Meet the Author

Joseph G. Haubrich |

Vice President and Economist

Joseph G. Haubrich

Joseph Haubrich is a vice president and economist at the Federal Reserve Bank of Cleveland, where he is responsible for leading the Research Department's Banking and Financial Institutions Group. He specializes in research related to financial institutions and regulations.

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Meet the Author

Saeed Zaman |

Economist

Saeed Zaman

Saeed Zaman is an economist in the Research Department of the Federal Reserve Bank of Cleveland. His current research focuses on inflation measurement and forecasting, including nowcasting methods, and he contributes to the development of macroeconomic forecasting and policy models at the bank. His research interests also include inflation and prices, macroeconomic forecasting, monetary policy, and banking and financial institutions.

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05.27.08

Economic Trends

Business Loan Markets

Joseph G. Haubrich and Saeed Zaman

The Federal Reserve Board’s April 2008 survey of senior loan officers (covering the months of January through March 2008) found significant tightening of standards for commercial and industrial loans since the last survey. About 55 percent of the domestic banks and 60 percent of the foreign banks surveyed reported having tightened standards for commercial and industrial loans to large and medium-sized firms. The remaining fraction of those surveyed reported little change in lending standards. The reasons cited for tightening included a more-uncertain economic outlook, reduced tolerance for risk, decreased liquidity in the secondary market for these loans, and worsening of industry-specific problems. A large fraction of domestic and foreign banks increased the cost of credit lines and premiums charged on loans to riskier borrowers. A substantial majority of the domestic and foreign banks surveyed raised their lending spreads (loan rates over the cost of funds).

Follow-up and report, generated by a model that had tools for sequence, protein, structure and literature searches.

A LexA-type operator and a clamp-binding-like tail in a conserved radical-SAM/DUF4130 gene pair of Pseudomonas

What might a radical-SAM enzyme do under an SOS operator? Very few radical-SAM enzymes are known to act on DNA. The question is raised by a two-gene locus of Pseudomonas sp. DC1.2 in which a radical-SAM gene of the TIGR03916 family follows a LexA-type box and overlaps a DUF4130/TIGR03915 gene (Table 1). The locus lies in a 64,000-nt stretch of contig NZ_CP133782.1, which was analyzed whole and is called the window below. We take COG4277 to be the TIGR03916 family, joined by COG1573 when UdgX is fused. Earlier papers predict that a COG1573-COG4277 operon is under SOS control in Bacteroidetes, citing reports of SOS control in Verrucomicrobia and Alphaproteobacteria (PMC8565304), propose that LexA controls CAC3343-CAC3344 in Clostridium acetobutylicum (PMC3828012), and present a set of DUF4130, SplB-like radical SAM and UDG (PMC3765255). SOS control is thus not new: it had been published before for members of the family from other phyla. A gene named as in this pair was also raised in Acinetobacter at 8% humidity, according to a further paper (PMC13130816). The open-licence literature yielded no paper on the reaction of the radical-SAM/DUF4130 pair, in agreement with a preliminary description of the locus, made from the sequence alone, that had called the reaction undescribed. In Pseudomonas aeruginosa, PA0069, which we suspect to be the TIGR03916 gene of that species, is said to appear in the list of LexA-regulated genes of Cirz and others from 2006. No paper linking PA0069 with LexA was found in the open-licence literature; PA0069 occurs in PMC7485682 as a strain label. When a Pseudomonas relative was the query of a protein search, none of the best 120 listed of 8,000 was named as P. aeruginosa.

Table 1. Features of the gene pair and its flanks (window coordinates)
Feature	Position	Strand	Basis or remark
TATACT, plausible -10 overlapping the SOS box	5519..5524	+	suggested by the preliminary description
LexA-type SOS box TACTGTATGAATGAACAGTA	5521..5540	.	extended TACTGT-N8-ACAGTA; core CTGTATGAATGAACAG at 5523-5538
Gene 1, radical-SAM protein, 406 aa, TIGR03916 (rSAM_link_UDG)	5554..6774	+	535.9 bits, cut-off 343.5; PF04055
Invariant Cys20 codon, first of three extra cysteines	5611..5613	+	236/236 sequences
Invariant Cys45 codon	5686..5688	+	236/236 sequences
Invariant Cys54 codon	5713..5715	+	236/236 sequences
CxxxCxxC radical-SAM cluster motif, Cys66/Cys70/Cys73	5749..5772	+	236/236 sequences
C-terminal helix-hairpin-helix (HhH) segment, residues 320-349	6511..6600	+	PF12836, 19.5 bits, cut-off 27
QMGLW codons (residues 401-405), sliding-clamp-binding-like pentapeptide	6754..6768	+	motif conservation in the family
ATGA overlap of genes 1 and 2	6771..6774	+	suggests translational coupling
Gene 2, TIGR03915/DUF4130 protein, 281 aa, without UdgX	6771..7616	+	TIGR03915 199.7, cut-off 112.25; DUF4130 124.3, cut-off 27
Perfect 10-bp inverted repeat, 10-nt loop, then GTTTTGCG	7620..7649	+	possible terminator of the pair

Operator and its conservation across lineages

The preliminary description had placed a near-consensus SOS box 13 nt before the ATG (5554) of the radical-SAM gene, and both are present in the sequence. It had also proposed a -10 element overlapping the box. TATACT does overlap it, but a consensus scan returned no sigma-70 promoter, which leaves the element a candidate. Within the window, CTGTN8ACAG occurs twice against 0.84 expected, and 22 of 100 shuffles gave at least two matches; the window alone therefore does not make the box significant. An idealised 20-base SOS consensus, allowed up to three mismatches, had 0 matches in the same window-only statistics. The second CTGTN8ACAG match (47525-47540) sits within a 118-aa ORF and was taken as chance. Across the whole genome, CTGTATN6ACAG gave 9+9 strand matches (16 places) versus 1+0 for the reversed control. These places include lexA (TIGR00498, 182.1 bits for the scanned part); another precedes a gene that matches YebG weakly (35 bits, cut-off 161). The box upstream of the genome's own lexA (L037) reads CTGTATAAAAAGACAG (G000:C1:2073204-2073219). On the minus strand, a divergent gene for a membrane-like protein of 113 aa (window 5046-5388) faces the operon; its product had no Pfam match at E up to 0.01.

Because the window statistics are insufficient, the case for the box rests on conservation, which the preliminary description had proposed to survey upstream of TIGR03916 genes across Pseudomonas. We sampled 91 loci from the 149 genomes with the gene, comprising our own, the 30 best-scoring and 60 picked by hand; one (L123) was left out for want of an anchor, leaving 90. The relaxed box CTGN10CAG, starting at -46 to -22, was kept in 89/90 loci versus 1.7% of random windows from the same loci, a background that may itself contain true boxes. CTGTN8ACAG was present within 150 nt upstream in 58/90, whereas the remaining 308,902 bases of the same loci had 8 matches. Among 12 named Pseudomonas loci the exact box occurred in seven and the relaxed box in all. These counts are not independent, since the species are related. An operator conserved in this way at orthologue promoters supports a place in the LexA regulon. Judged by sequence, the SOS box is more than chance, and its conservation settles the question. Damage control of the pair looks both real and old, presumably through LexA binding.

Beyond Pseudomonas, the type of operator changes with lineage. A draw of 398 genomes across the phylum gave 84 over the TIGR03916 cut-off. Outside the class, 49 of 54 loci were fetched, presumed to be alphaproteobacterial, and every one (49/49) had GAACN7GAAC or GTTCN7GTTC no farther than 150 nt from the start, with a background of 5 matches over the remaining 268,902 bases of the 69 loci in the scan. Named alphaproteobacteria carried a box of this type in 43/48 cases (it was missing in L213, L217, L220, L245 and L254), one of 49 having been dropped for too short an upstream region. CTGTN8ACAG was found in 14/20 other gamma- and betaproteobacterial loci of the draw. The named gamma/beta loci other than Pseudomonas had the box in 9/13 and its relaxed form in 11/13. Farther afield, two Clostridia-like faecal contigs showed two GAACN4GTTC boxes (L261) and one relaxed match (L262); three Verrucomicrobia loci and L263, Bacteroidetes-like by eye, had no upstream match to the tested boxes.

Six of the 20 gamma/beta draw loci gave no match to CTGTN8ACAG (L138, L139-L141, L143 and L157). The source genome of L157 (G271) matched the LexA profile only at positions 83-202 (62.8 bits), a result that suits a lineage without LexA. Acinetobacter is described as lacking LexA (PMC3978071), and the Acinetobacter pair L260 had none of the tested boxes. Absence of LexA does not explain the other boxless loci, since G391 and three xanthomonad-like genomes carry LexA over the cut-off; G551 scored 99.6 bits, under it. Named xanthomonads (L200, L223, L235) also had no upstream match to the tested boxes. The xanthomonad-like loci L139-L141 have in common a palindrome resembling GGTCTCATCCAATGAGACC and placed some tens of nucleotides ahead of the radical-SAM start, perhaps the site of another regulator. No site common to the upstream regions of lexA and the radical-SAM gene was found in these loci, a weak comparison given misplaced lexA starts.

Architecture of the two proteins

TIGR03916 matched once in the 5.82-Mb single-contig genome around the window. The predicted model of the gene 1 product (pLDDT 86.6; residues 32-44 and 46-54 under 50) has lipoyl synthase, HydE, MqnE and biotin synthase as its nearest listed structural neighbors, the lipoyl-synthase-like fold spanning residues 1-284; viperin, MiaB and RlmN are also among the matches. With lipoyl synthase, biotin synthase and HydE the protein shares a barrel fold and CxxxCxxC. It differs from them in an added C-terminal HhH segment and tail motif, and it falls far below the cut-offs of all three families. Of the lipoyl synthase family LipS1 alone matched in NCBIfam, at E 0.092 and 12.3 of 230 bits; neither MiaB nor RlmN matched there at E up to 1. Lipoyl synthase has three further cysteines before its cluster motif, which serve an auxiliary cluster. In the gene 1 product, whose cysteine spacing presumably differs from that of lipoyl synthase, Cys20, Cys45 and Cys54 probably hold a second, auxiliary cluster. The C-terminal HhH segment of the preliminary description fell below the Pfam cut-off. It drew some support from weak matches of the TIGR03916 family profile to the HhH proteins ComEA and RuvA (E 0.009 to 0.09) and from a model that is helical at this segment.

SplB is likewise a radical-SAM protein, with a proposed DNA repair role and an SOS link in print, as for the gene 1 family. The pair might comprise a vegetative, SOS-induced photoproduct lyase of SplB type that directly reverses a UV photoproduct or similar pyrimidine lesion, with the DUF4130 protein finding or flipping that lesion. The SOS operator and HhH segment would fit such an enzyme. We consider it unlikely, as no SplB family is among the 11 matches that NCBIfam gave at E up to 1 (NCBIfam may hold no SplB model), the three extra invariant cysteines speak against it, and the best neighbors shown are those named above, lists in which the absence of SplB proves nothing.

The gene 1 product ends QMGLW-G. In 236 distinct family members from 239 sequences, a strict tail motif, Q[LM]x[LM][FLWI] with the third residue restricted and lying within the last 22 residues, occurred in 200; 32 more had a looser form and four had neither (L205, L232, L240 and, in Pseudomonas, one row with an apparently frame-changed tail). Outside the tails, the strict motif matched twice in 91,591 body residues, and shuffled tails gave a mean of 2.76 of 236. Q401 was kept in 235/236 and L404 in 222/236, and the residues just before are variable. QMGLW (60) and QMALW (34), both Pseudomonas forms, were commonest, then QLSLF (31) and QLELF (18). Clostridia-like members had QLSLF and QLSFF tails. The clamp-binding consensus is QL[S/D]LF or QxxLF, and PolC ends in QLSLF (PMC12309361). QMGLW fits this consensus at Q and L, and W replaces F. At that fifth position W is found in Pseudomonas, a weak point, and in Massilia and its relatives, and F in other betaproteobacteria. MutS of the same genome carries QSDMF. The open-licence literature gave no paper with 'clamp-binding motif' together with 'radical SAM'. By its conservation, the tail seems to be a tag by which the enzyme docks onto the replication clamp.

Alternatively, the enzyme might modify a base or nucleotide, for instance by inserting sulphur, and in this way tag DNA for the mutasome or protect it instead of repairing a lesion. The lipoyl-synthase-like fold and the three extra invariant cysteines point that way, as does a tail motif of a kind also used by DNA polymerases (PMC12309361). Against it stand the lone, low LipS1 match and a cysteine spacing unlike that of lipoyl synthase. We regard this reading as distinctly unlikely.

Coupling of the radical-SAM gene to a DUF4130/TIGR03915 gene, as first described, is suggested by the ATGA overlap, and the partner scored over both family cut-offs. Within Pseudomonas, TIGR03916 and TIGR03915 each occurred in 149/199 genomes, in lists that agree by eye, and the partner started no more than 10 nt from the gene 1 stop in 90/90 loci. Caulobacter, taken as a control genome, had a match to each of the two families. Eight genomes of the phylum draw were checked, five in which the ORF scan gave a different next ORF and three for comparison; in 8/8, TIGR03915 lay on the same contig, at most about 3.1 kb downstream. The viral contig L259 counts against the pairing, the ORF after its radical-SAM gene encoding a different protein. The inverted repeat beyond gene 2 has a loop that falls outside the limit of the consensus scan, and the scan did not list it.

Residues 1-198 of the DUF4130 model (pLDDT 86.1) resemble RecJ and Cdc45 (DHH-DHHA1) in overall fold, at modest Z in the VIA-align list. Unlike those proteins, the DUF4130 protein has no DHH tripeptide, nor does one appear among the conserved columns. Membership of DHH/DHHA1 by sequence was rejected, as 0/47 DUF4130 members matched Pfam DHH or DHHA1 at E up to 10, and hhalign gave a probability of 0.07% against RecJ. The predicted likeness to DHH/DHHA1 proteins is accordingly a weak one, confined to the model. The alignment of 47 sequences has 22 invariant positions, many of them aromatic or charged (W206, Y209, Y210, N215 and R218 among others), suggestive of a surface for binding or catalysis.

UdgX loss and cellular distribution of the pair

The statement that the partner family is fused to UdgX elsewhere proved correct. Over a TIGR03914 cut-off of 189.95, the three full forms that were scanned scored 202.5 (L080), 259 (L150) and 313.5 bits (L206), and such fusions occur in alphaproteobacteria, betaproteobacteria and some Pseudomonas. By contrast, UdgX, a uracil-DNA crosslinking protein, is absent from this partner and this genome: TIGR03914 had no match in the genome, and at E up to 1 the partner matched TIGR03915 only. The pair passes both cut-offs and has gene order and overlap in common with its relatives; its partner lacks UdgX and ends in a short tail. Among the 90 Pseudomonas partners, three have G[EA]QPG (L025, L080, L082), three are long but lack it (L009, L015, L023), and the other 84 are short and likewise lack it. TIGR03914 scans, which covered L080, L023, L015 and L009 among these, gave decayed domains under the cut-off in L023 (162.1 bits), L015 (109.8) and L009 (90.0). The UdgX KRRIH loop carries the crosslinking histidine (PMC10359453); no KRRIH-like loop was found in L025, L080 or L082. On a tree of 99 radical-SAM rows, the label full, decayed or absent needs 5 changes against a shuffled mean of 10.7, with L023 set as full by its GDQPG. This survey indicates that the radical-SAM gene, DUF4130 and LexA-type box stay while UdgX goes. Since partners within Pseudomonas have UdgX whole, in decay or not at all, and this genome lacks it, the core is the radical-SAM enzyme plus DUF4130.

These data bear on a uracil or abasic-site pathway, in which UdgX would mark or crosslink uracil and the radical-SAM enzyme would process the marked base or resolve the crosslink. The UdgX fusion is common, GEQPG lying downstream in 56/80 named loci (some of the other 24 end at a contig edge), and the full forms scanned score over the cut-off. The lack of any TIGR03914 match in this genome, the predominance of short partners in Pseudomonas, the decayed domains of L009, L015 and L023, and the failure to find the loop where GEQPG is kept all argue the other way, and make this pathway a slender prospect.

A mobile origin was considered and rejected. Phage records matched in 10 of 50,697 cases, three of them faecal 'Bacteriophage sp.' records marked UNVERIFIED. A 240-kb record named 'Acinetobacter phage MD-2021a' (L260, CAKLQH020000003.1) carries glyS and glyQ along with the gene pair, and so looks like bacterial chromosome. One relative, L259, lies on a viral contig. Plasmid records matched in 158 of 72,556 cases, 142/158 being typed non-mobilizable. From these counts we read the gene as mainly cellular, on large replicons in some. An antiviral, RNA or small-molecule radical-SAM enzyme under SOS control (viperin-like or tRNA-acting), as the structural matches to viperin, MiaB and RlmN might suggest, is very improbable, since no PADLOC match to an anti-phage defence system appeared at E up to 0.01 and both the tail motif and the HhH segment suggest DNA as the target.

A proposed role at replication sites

Demand for commercial and industrial loans continued to weaken over the period surveyed, although by less than in the previous survey period. About 20 percent of the domestic banks and 25 percent of the foreign banks surveyed reported weaker demand. Those who reported weaker demand cited decreased investment in inventories, plants and equipment as a reason, as well as a decrease in customers’ need to finance mergers and acquisitions. Those who reported stronger demand said that it was caused by customers who were shifting their borrowing to the banks from other banks or financial firms with less attractive borrowing terms.

After recording the biggest-ever quarterly increase of $90 billion in third quarter of 2007, bank and thrift holdings of business loans went up moderately by $51 billion in the fourth quarter of 2007. This increase marks the fifteenth consecutive quarterly increase in these holdings. The sharp reversal in the trend of quarterly declines in commercial and industrial loan balances on the books of FDIC-insured institutions prior to the second quarter of 2004 is still going strong.

The utilization rate of business loan commitments (draw downs on prearranged credit lines extended by banks to commercial and industrial borrowers) jumped up to 37.83 percent of total commitments. The higher demand by borrowers may point to the difficulty in obtaining credit from the capital markets due to the recent financial turmoil.